Keywords: mixed duopoly; quality differentiation; public provision of private goods; funding of public services; distribution
    JEL: D21 D43 H11 H42 H44 I00 L38
    Date: 2021–06–23
  11. By: Ferraro, Domenico; Jaimovich, Nir; Molinari, Francesca; Young, Cristobal
    Abstract: We develop a search-and-matching model where the magnitude of unemployment insurance benefits affects the likelihood that unemployed actually engage in active job search. To quan- titively discipline this relation we use administrative data of unemployed search audits. We use the model to quantify the effects of unemployment reforms. For small benefits' increases, the policymaker faces a trade-off between an uptick in the measure of unemployed actually searching and a fall in the unemployment exit-rate conditional on searching. For larger bene- fits' increases, an active search margin magnifies the benefits' disincentives, leading to a bigger drop in the employment rate than previously thought.
    Date: 2020–05
  12. By: Margaris, Panagiotis; Wallenius, Johanna
    Abstract: In this paper we develop and estimate a life cycle model that features pecuniary and non-pecuniary investments in health, along with a cognitive ability gradient associated with said investments, in order to rationalize the socioeconomic gradients in health and life expectancy in the United States. Agents accumulate health capital, which affects the level of utility, labor productivity, the distribution of medical spending shocks and life expectancy. We find that the cognitive ability gradient to health investments and the differences in lifetime income account for the lion's share of the observed life expectancy gap. Providing universal health insurance coverage has heterogeneous effects, depending on the progressivity of the financing mechanism, and at best results in a modest decrease in the life expectancy gap.
    Keywords: health; inequality; Life Cycle; time use
    JEL: D31 E21 I14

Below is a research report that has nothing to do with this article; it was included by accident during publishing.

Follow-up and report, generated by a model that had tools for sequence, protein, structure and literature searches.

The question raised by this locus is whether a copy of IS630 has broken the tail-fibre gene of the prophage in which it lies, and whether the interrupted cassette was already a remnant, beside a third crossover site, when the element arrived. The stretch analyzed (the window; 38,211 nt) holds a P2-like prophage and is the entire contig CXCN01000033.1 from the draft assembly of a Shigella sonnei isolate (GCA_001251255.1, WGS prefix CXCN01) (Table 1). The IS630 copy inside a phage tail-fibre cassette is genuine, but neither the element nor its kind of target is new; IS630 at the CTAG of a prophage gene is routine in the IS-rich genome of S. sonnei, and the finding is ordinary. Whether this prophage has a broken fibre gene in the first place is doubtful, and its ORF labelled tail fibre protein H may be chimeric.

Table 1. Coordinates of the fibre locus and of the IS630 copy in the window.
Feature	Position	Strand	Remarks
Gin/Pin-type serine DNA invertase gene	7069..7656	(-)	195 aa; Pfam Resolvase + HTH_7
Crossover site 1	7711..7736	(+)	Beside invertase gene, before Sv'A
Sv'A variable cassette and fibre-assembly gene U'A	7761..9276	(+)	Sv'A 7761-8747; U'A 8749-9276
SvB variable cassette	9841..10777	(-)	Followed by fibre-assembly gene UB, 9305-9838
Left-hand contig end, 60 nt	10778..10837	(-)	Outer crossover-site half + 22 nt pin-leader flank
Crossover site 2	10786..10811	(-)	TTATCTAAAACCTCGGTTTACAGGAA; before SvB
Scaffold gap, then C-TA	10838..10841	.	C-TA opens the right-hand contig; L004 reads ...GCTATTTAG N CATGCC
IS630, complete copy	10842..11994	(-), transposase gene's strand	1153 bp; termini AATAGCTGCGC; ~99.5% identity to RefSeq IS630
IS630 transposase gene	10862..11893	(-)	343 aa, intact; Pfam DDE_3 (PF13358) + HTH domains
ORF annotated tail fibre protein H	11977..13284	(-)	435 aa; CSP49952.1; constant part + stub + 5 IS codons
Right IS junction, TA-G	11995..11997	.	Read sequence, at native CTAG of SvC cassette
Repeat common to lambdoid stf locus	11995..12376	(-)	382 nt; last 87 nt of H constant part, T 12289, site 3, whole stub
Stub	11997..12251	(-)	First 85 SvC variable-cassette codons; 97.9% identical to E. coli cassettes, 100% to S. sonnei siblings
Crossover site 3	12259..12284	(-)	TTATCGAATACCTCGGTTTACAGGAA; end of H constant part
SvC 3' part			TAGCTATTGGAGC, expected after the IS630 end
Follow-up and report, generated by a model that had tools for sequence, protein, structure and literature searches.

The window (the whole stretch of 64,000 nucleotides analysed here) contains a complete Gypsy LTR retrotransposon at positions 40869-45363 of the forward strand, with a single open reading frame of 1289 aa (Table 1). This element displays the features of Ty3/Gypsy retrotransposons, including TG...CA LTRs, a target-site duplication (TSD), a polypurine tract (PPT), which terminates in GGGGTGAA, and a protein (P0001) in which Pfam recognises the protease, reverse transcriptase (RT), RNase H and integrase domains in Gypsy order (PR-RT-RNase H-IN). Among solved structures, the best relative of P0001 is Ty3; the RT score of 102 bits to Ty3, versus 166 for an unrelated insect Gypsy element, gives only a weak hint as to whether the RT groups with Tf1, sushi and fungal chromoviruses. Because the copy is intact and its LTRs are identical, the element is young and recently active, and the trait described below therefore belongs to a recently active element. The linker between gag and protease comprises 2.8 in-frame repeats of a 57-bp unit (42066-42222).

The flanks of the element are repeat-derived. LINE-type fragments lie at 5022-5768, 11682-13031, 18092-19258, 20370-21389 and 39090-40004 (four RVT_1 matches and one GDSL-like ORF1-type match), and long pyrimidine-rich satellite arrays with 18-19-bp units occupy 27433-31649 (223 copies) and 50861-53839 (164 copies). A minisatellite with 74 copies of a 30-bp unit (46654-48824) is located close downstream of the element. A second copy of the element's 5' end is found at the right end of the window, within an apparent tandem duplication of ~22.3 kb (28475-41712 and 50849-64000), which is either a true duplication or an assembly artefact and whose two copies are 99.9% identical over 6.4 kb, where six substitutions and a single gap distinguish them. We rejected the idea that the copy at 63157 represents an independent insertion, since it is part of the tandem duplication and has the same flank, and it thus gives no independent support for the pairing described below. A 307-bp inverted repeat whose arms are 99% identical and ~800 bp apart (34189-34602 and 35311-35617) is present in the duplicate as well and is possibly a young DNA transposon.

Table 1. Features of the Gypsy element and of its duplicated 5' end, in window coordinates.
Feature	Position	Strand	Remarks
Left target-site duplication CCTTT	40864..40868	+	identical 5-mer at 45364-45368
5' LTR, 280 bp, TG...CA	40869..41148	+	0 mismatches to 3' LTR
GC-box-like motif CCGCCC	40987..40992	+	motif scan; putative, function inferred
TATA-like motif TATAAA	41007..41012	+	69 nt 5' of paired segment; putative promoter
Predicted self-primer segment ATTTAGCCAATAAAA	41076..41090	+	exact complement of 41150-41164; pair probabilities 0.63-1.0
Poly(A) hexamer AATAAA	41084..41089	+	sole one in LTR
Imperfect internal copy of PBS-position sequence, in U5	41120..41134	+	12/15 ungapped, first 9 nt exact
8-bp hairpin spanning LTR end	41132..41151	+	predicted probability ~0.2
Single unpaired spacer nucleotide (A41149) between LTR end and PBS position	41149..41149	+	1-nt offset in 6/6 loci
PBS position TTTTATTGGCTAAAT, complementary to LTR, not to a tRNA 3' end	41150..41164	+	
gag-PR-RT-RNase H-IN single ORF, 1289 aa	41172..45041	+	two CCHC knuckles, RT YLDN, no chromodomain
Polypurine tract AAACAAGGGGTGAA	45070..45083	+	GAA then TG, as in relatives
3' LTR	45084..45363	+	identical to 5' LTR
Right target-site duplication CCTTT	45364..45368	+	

Date: 2020–05
  13. By: David Gray (uOttawa - University of Ottawa [Ottawa], TEPP - Travail, Emploi et Politiques Publiques - CNRS - Centre National de la Recherche Scientifique - UPEM - Université Paris-Est Marne-la-Vallée, ERUDITE - Equipe de Recherche sur l’Utilisation des Données Individuelles en lien avec la Théorie Economique - UPEC UP12 - Université Paris-Est Créteil Val-de-Marne - Paris 12 - Université Gustave Eiffel); Yannick l'Horty (Université Gustave Eiffel, TEPP - Travail, Emploi et Politiques Publiques - CNRS - Centre National de la Recherche Scientifique - UPEM - Université Paris-Est Marne-la-Vallée, ERUDITE - Equipe de Recherche sur l’Utilisation des Données Individuelles en lien avec la Théorie Economique - UPEC UP12 - Université Paris-Est Créteil Val-de-Marne - Paris 12 - Université Gustave Eiffel); Souleymane Mbaye (Université Gustave Eiffel, ERUDITE - Equipe de Recherche sur l’Utilisation des Données Individuelles en lien avec la Théorie Economique - UPEC UP12 - Université Paris-Est Créteil Val-de-Marne - Paris 12 - Université Gustave Eiffel, TEPP - Travail, Emploi et Politiques Publiques - CNRS - Centre National de la Recherche Scientifique - UPEM - Université Paris-Est Marne-la-Vallée); Pascale Petit (Université Gustave Eiffel, ERUDITE - Equipe de Recherche sur l’Utilisation des Données Individuelles en lien avec la Théorie Economique - UPEC UP12 - Université Paris-Est Créteil Val-de-Marne - Paris 12 - Université Gustave Eiffel, TEPP - Travail, Emploi et Politiques Publiques - CNRS - Centre National de la Recherche Scientifique - UPEM - Université Paris-Est Marne-la-Vallée)
    Abstract: We carry out seven distinct and independent rounds of correspondence tests to detect discriminatory behaviour in domains that heretofore have not been subjected to much investigation in the literature: purchasing a used car, purchasing an auto insurance policy, applying for a car loan, purchasing complementary health insurance, enrolling in an adult training program, purchasing an existing small business, and renting vacation accommodations. We seek to discern evidence of discriminatory behaviour according to the criteria of age, gender, ethnic origin, and the locality of residence.
    Keywords: Discrimination,correspondence testing,age,ethnic origin,gender,neighborhood of residence
    Date: 2021–05–31
  14. By: Ari Bronsoler; Jonathan Gruber; Enrique Seira